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Partners in good health
The high cost of medical liability
Doctors and lawyers
Can you cite that source?
The Wickwire legacy endures
Respect life at any stage

Partners in good health

I enjoyed [Michael] Anft's thorough, thought-provoking analysis of our health care crisis [ "Search for an Rx," November]. I am a general surgeon practicing in Lancaster, Pennsylvania, and agree with the 60 percent of physicians who believe a single-payer system is an important aspect of dealing with this crisis. To simply dismiss this because of the political and financial clout of the insurance industry is a fatal mistake. We cannot continue to pay 30 percent of health care dollars for administrative costs.

I believe the second crucial aspect of improving not only our health care system, but the health of our patients, is a cultural one. The medical profession has fostered dependence in our patients. They rely on their physician to make them better. Give me a pill and make me better. Bariatric surgery is booming. Is Brazil's exercise program to combat obesity working, or will they adopt bariatric surgery? We must develop health education and maintenance from elementary school, during employment, and in retirement. Everyone must be a partner in maintaining their health and understanding the importance of exercise, a healthy diet, and wearing seatbelts and motorcycle helmets, etc.

The third crucial aspect of developing a rational, effective health care system in this country involves a drastic change in physicians' behavior. We have been hypnotized by the pharmaceutical and medical technology industries to adopt every new drug and gadget without any critical analysis of cost effectiveness. Does every patient with heartburn need Nexium?

I agree wholeheartedly with the importance and benefits of efforts to improve quality and consistency, such as the intensive-care checklist, but it is time to challenge the influence of the sacred cows, the insurance and pharmaceutical industries. We must partner with our patients in promoting health, not simply treating catastrophic illness.
Ed Chory, A&S '76
Lancaster, Pennsylvania


The high cost of medical liability

The article "Search for an Rx" provided an excellent summary of the many issues of health care in the United States. As a physician, I can describe the health care system today with one word: crazy!

The health care practitioner and staff must devote much time to unravel the many arcane rules, restrictions, and hidden agendas promulgated by the kaleidoscope of health care plans. Professional reimbursement is dependent on an understanding of a "numbers" game that is often changing.

I was surprised this report did not mention the issue of medical liability. Contrary to comments from medical economists and politicians, the rising cost of medical liability insurance has an inflationary and adverse effect on medical practice.

One hundred years ago, the Flexner Report, based on the Hopkins model, provided the foundation for development of excellence in the quality of American medical education. It is evident that we need another Flexner Report that can provide guidelines for the delivery of health care.
Gilbert J. Wise, A&S '53, Med '57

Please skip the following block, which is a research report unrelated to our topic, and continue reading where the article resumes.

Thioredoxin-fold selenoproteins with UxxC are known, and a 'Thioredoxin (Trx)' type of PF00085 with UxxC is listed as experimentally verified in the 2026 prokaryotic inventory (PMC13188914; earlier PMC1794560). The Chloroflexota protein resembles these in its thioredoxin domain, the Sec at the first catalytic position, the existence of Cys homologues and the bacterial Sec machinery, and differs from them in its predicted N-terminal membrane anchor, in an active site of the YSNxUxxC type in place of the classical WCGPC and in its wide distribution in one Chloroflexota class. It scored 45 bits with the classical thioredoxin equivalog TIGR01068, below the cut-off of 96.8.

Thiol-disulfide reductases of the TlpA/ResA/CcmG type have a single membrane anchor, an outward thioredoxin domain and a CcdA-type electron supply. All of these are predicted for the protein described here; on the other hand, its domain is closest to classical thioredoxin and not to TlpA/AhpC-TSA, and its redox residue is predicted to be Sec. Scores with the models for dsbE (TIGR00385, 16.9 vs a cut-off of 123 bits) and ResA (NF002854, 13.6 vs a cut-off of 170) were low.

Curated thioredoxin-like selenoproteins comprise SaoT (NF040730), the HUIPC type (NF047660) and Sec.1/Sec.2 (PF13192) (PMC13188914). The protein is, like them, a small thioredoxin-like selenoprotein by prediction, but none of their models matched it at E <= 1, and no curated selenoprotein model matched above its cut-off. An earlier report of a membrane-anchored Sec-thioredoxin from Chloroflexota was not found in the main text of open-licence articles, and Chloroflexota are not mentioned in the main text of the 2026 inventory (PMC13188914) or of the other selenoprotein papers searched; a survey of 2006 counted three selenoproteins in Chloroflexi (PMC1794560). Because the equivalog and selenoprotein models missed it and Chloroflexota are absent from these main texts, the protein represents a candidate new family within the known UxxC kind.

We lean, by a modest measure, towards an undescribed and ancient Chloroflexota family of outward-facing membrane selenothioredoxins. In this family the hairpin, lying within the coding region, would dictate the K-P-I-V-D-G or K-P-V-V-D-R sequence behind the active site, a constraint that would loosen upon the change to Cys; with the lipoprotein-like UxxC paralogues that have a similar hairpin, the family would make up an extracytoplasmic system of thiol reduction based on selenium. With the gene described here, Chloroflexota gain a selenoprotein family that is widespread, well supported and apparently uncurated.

New York, New York


Doctors and lawyers

I'm surprised your article regarding our current health care crisis barely mentions how high patient expectations and the fear of litigation play a role in driving up costs. Patients have come to expect (right or wrong) a certain level of care. If those expectations aren't met, there is a perception of malpractice.

A good example is how so many antibiotics are incorrectly prescribed for viral respiratory tract infections. Academics note this contributes to rising patient costs and complications and call for restricting antibiotic use. That's easy to say when faced with statistics. It's harder when faced with an individual patient who comes in expecting to get an antibiotic. A good doctor-patient relationship can reassure most patients that antibiotics are not necessary. But some may never be convinced that less treatment is better. And it only takes one upset patient to start a lawsuit.

What other profession carries the constant threat of being sued, for real or imaginary reasons, where if you lose, you could lose your honor, your profession, your retirement, and even your home? Fear of litigation drives many physicians to consciously or unconsciously request millions of "unnecessary" tests, as they search for an objective piece of data to back up their clinical judgment, or to eliminate that one chance out of 1,000 that the patient's symptoms are some rare but dangerous condition. Physicians are expected to have perfect foresight. If they don't, a lawyer with perfect hindsight will judge them. It used to be that good clinical judgment was the key to being a good doctor. Now it's been replaced by expensive tests, as lawyers know clinical judgment is subjective, and can be disputed in court with an "expert" witness who reaches an opposite, yet equally valid, conclusion. Besides ordering extra tests, physicians have increased their referrals, either to a specialist or to an already crowded emergency room. It's a way to offset the burden of responsibility with others in the field, but ultimately increases overall health care costs.

Physicians are caught between the general notion that health care costs must be somehow reduced, and individual patients (and their lawyers) who demand their health expectations be met. What is one to do?

The prescription for a healthier America is very simple: exercise more, eat less, drink less, and quit smoking. This is generally ignored, as it is easier to expect the doctor to cure years of bad habits with a pill. So long as patients behave like consumers, expecting 100 percent satisfaction or your money back, physicians will continue to behave in a risk-averse manner, ordering tests or consulting a specialist to confirm what they already knew, not to satisfy their clinical judgment, but that of the patients and the lawyers standing behind them.
Cristian Tampe, Med '95
San Juan, Puerto Rico


Can you cite that source?